Snakes on a LAN, Laptops on a Plane, Laptops in Flames
If there's one thing we have plenty of these days, it's things to be nervous about. From snakes on a plane to worms on a server, it seems like there are new things every day to make the Rat curse a Samuel L. Jacksonlike blue streak.
First, there's the latest heightening of airport security, timed impeccably with the release of New Line Cinema's 'Snakes on a Plane.' The whiskered one had become concerned about the security of his traveling IT assets, as agency employees boarding domestic flights, either out of confusion over the new security requirements or just a desire to avoid a hassle in the security line, are starting to check their notebook PCs as luggage.
Considering that checked bags aren't allowed to be locked, and few users have been issued armored cases for their computing equipment, this trend has the Rat worried on two fronts'that the notebooks he issues will end up on shelves at local pawn shops, or broken into tiny little pieces.
The wirebiter has been trying to inform his frequent flyers that they can carry on computers. They were reacting to a temporary rule in the U.K., after the foiled bombing plot, that prohibited cell phones and notebooks. U.S. rules never barred people from boarding with all of their normal appendages.
But there is an exception to that instruction. For those few Dell notebooks in the cyberrodent's deployed fleet of computers, there's always the chance that they'll just spontaneously combust in transit.
Dell's recall of more than 4 million notebook batteries after the fiery and very public deaths of several Dell computers has the whiskered one checking his inventory list for affected systems. Fortunately, all the agency's Dell users have been calling the Rat repeatedly since the recall was announced to determine whether they are carrying potential deathtraps.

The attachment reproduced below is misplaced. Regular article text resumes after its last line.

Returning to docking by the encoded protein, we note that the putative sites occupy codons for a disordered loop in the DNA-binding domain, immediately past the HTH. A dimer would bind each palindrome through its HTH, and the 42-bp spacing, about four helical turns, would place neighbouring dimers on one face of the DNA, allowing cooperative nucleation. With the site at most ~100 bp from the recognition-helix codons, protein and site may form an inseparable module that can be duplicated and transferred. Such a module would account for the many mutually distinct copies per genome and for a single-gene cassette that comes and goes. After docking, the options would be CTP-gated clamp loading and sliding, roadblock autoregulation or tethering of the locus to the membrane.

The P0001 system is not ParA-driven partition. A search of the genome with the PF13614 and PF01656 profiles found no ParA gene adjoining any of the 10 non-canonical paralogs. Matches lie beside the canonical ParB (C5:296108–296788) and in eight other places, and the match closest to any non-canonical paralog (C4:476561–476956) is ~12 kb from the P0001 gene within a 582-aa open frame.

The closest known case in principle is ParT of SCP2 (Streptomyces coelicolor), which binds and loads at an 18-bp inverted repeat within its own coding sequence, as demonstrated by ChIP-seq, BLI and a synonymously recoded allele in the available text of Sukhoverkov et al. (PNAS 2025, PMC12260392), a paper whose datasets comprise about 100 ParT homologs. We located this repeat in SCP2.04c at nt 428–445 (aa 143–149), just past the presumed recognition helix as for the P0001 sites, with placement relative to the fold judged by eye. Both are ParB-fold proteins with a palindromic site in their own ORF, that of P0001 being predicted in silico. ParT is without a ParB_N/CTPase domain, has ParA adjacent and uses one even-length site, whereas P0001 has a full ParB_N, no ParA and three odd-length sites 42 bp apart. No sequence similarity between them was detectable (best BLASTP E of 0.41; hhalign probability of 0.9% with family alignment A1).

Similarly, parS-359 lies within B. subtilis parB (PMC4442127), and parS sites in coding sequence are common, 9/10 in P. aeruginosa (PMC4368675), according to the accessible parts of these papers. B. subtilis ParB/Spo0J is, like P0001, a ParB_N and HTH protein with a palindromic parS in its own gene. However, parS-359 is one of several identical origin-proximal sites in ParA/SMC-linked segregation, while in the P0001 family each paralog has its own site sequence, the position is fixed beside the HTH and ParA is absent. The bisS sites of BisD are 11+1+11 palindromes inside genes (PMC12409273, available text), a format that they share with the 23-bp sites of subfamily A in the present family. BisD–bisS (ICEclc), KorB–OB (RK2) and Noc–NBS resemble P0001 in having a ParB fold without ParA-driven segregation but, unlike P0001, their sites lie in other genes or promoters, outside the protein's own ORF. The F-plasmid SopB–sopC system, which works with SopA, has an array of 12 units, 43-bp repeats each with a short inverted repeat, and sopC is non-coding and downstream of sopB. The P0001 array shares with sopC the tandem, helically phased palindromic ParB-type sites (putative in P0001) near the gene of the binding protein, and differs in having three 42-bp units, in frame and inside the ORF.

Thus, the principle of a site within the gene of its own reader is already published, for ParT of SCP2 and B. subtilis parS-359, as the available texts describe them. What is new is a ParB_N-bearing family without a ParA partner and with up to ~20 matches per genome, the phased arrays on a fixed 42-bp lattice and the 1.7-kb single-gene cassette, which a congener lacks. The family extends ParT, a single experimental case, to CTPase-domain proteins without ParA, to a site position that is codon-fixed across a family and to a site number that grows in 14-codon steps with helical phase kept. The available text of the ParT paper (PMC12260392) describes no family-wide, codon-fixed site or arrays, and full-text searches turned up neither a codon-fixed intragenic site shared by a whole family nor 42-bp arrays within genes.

Of course, all they needed to do was check the part numbers on their batteries against the list that Dell has posted at https://www.dellbatteryprogram.com/ and the Rat has circulated in e-mail. But to do that, they would need to turn on their notebooks'an act many are, at the moment, equating with reaching into a basket of cobras.
The Army alone has to replace batteries in 150,000 Dell notebooks, and getting new batteries could take weeks or months.
On the plus side, that could give sysadmins a little breathing room in rolling out MS06-040, the Microsoft bug patch that the Homeland Security Department went out of its way to flag as hypercritical in a week full of plenty of Level Red threats.
The bug, which affects most of the recent releases of Microsoft Windows (2000, XP and Server 2003), theoretically could be exploited to execute a giant, Internet-eating botnet of worms that could bring the free world to its knees. Either that, or not.
More likely, the Rat's network will be brought to a crawl by users playing 'Snakes on a Plane' satire videos on YouTube. To which the Rat will say, 'I've had it with these $^@% snakes on a #$^@# LAN!'The Packet Rat once managed networks but now spends his time ferreting out bad packets in cyberspace. E-mail him at firstname.lastname@example.org.